Conservation and management of migratory fauna and dams in tropical streams of Puerto Rico

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1. Compared to most other tropical regions, Puerto Rico appears to have dammed its running waters decades earlier and to a greater degree. The island has more large dams per unit area than many countries in both tropical and temperate regions (e.g., 3x that of the U.S.), and the peak rate of large dam construction occurred two and three decades prior to reported peak rates in Latin America, Asia and Africa.

2. Puerto Rico is a potential window into the future of freshwater migratory fauna in tropical regions, given the island's extent and magnitude of dam development and the available scientific information on ecology and management of the island's migratory fauna.

3. We review ecology, management and conservation of migratory fauna in relation to dams in Puerto Rico. Our review includes a synthesis of recent and unpublished observations on upstream effects of large dams on migratory fauna and an analysis of patterns in free crest spillway discharge across Puerto Rican reservoirs. Analyses suggest that large dams with rare spillway discharge cause near, not complete, extirpation of upstream populations of migratory fauna. They also suggest several management and conservation issues in need of further research and consideration. These include research on the costs, benefits and effectiveness of simple fish/shrimp passage designs involving simulating spillway discharge and the appropriateness of establishing predatory fishes in reservoirs of historically fishless drainages.

Date Range: 
1993-06-22 00:00:00 to 2003-06-30 00:00:00



Additional Project roles: 

Name: Eda Melendez-Colom Role: Data Manager
Name: Catherine Pringle Role: Associated Researcher
Name: William H. McDowell Role: Associated Researcher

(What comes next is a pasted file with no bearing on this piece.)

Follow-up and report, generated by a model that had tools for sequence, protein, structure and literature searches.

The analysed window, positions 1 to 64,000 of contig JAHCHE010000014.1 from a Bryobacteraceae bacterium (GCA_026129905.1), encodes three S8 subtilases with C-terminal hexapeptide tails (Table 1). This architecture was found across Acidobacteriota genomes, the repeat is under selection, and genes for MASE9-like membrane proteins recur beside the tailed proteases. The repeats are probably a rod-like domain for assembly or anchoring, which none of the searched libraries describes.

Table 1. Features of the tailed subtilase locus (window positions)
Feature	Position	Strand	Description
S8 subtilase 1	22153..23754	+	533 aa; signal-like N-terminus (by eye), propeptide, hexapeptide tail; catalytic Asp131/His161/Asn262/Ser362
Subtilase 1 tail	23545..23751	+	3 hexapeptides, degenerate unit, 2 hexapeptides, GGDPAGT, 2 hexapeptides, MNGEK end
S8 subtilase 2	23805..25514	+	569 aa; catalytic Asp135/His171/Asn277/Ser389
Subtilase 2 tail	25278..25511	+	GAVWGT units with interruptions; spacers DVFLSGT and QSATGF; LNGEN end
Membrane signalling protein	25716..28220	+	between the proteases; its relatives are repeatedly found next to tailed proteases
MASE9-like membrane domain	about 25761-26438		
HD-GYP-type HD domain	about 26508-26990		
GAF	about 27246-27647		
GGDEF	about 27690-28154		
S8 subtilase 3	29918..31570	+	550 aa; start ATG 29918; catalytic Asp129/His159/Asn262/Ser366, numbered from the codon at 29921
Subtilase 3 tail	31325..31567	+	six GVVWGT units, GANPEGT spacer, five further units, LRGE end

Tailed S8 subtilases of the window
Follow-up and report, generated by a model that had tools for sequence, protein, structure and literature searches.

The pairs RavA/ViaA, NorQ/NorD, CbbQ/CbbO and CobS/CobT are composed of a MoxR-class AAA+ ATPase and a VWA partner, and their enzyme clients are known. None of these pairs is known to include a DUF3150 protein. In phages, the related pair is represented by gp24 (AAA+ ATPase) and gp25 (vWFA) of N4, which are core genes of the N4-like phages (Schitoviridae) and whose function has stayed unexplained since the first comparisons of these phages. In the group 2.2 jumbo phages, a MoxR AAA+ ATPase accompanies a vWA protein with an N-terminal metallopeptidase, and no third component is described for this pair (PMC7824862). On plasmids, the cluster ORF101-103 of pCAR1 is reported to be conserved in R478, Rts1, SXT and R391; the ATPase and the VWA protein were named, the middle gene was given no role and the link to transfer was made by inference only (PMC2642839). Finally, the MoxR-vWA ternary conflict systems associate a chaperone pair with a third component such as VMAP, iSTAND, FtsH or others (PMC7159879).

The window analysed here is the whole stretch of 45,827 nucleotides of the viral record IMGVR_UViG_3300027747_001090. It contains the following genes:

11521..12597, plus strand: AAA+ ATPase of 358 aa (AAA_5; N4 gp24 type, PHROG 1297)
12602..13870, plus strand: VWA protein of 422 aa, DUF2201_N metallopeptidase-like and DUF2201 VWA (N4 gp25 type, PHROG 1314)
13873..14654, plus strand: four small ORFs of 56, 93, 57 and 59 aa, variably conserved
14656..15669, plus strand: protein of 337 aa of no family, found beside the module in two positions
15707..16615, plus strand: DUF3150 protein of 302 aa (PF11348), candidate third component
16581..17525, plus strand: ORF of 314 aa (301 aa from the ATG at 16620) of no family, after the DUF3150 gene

Spillway discharge analysis: For each large dam downstream from our high-gradient, high-elevation sampling sites from Greathouse et al. (in press) (dams were: Dos Bocas, Caonillas, Matrullas, Carite, Toa Vaca, Luchetti, Garzas), we obtained the entire USGS daily-lake-elevation record prior to the last date of our field research on 30 June 2003 (records ranged from 4-15 years long). For other dams, we analyzed water years 1999 and 2000 (for dams: Guayabal, Patillas, Guajataca, Cidra, Loco, Loi­za, Guayo, La Plata, Cerrillos) or records from recently-installed lake elevation gages (installations in November 2004: Comerio; installations in February 2005: Coamo, Adjuntas, Vaca, Prieto, Yahuecas). For each record, we then determined the percentage of days with spillway discharge (100 times the number of days with lake elevations exceeding the spillway crest elevation divided by the total number of days for which a lake elevation was reported). Previously unpublished observations of native shrimps and fishes occurring upstream from large dams were made by various methods ranging from simple visual observation to non-quantitative sampling to quantitative sampling by electroshocking. Descriptions of the methods, when available, are included in the data set file (aquaticconservation.txt).



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